The stories Noah tells are sometimes dark, occasionally bizarre, frequently tender, and always hilarious — whether he’s subsisting on caterpillars during months of extreme poverty or making comically pitiful attempts at teenage romance in a colour-obsessed world; whether he’s being thrown into jail as the hapless fall guy for a crime he didn’t commit or being thrown by his mother from a speeding car driven by murderous gangsters.

~*~

Trevor Noah’s biography, Born A Crime, finds a way to deal with apartheid South Africa and growing up during this time and the turbulent years that followed in a moving, humourous and effective way. Growing up in a world where your very existence is considered a crime because your mother, a Xhosa woman, had relations with a white Swiss man at the height of apartheid can shape you. Using his comedic skills, Noah manages to convey the hatred and segregation, and struggles of the era to an audience who may not be quite familiar with it. We know it happened, we know how bad it is – but how many of us who didn’t live there at the time or who haven’t spoken to people who lived through it know how truly bad it was? Noah’s ability to tell the story through the eyes of a child who did not quite understand at first how his existence was breaking the law, and the innocence of these days illustrated how some people may have tried to deal with it – protect your children, yet they will still become aware of the harsh realities surrounding their lives.

Noah discusses the flaws in apartheid, and how the logic of race classifications was actually illogical: The Chinese were classified as black, but the Japanese were classified as white: Noah’s suggestion is that as South Africa received imports from Japan, they were given the white classification to keep them happy. Yet at the same time, a black person could become classified as coloured, or an Indian person could become classified as white. A coloured person could become classified white and a white person could have their white status downgraded to coloured or black. Even a child born to two white parents, he says, could be classified as coloured and the family separated unless the parents chose to reclassify as coloured. Yet Noah was too white to be black and too black to be white – so where did he fit in?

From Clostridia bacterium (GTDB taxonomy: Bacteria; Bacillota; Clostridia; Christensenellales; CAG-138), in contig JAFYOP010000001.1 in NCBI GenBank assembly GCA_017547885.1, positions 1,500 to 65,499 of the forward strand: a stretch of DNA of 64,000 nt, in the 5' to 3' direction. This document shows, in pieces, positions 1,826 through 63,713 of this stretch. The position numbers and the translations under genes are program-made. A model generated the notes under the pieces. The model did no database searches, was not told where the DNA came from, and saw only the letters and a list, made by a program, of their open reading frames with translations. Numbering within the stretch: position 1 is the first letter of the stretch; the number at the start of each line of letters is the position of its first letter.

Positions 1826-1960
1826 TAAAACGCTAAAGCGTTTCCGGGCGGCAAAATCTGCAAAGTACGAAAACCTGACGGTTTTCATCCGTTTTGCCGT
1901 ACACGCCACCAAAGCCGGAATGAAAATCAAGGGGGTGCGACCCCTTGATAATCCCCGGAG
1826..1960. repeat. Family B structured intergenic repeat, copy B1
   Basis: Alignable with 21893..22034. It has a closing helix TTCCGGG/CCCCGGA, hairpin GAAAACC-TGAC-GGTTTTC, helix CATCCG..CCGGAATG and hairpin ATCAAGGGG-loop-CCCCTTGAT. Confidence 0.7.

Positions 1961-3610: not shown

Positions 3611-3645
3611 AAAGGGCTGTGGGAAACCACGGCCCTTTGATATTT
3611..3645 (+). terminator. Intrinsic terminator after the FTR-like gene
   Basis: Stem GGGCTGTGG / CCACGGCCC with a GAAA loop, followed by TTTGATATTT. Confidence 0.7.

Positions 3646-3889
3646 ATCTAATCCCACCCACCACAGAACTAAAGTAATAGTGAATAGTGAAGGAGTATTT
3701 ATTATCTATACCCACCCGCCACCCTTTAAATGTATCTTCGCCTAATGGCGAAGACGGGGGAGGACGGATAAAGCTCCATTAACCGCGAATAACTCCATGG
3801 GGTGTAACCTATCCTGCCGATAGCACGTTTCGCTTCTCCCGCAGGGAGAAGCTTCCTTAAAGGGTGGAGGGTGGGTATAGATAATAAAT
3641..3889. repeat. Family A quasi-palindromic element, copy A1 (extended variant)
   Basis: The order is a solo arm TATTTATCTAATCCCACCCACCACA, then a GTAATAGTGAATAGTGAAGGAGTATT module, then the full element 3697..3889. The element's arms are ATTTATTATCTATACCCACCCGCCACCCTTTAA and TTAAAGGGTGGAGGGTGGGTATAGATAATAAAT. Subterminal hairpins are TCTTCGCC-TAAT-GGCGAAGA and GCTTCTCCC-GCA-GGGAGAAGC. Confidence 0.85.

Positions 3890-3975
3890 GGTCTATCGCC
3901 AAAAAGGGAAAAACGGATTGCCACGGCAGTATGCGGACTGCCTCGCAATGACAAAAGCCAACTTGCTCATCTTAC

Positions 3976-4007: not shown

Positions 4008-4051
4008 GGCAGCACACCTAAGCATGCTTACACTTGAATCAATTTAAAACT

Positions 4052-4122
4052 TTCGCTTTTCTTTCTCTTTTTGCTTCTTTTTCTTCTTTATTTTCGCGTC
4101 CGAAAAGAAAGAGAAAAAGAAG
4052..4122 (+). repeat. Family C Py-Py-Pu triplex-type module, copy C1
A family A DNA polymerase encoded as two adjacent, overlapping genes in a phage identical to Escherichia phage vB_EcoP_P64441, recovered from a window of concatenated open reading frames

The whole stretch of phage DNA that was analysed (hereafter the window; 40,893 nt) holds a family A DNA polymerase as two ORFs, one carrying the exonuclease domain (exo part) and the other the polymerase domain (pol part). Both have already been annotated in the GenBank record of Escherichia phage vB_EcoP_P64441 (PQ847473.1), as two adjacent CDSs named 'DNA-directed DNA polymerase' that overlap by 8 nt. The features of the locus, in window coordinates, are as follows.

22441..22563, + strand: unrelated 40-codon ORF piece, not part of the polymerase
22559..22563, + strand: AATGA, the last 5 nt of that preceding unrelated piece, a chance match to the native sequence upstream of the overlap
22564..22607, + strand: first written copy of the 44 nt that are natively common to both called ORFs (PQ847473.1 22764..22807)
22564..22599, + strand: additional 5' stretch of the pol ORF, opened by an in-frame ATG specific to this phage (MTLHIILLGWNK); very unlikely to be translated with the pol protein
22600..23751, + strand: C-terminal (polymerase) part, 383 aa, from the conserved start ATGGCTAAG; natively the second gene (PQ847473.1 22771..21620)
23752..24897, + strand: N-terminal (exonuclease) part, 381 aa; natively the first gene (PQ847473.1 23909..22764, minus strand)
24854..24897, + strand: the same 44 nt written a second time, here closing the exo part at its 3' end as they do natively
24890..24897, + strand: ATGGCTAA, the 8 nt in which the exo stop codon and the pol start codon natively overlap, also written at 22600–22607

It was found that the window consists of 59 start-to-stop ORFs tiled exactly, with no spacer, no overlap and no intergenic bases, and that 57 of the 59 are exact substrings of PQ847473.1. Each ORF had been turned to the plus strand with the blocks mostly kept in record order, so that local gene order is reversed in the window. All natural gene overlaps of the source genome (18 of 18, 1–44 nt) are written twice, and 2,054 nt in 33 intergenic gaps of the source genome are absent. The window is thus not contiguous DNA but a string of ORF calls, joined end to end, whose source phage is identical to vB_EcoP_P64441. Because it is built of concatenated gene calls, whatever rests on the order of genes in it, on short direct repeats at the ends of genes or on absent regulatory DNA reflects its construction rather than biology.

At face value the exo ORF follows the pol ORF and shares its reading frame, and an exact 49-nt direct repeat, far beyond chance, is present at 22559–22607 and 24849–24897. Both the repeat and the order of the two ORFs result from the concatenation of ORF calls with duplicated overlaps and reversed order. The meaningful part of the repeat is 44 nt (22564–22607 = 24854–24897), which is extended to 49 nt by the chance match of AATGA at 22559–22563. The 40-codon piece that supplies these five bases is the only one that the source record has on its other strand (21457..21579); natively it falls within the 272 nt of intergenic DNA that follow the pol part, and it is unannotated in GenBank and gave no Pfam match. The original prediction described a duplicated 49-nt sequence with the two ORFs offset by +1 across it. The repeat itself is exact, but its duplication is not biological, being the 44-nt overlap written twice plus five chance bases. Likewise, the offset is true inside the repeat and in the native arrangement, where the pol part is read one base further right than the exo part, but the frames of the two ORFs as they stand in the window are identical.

Trevor Noah has told a side of apartheid that may not have been possible to tell in the early nineties, so soon after it ended. As he is mixed race, Trevor Noah was able to move between the groups at school: speaking various African tribal languages, English and some Afrikaans, his ability to be a chameleon in a world where colour was given a lot of attention was something he soon found he could use to his advantage. In writing this memoir, he has invited fans of his comedy and other readers into a world that had humour, love and some moments of pure terror and fear, and the confusion that some people had, not knowing how to deal with a boy who could speak at least seven languages and who wasn’t quite white, but wasn’t quite black. Like all of us, these experiences growing up in the final years of apartheid and in the years following, where people who were still products of apartheid weren’t always sure of what to do, have shaped Trevor. His words can affect everyone. Though he is a comedian, his words are strong, and could encourage unity and working together, showing the ineffectiveness of dividing people up based on race or skin colour. Further division came in the category of black based on whether you were Xhosa, Tswana, Zulu or a member of another tribe or cultural group, and this could determine how you acted within this group according to your gender. Apartheid not only set race against race, but sometimes set people who had been classed as one race against each other.

Reading this book was eye opening – I knew how bad it was from my parents, and that’s why they left, so I wouldn’t grow up exposed to any of the impacts of apartheid, because it could affect everyone adversely, as Noah pointed out. Though some groups gained more privileges than others, the fact that these could be taken away with what Noah describes as the slash of a pen and the whim of the person wielding it, likely instilled fear in many. Noah’s world as the child of a black woman and a white man, a mixed race child, in a world that didn’t accept him or always know what to do with him, is one that not many of us will really know, yet through his words, we can visit and find out what it was like – mainly for him, but also, the world seen through his eyes as to how anyone and everyone could be affected by apartheid is just as powerful. The limitations of what people could do for work were determined by race.

A great read for anyone who lived through apartheid, or who wishes to know more. Trevor Noah shows that people have the ability to become more than what society tells them they are, that yes you may struggle and fight, you may face adversity but in the end, you can get there.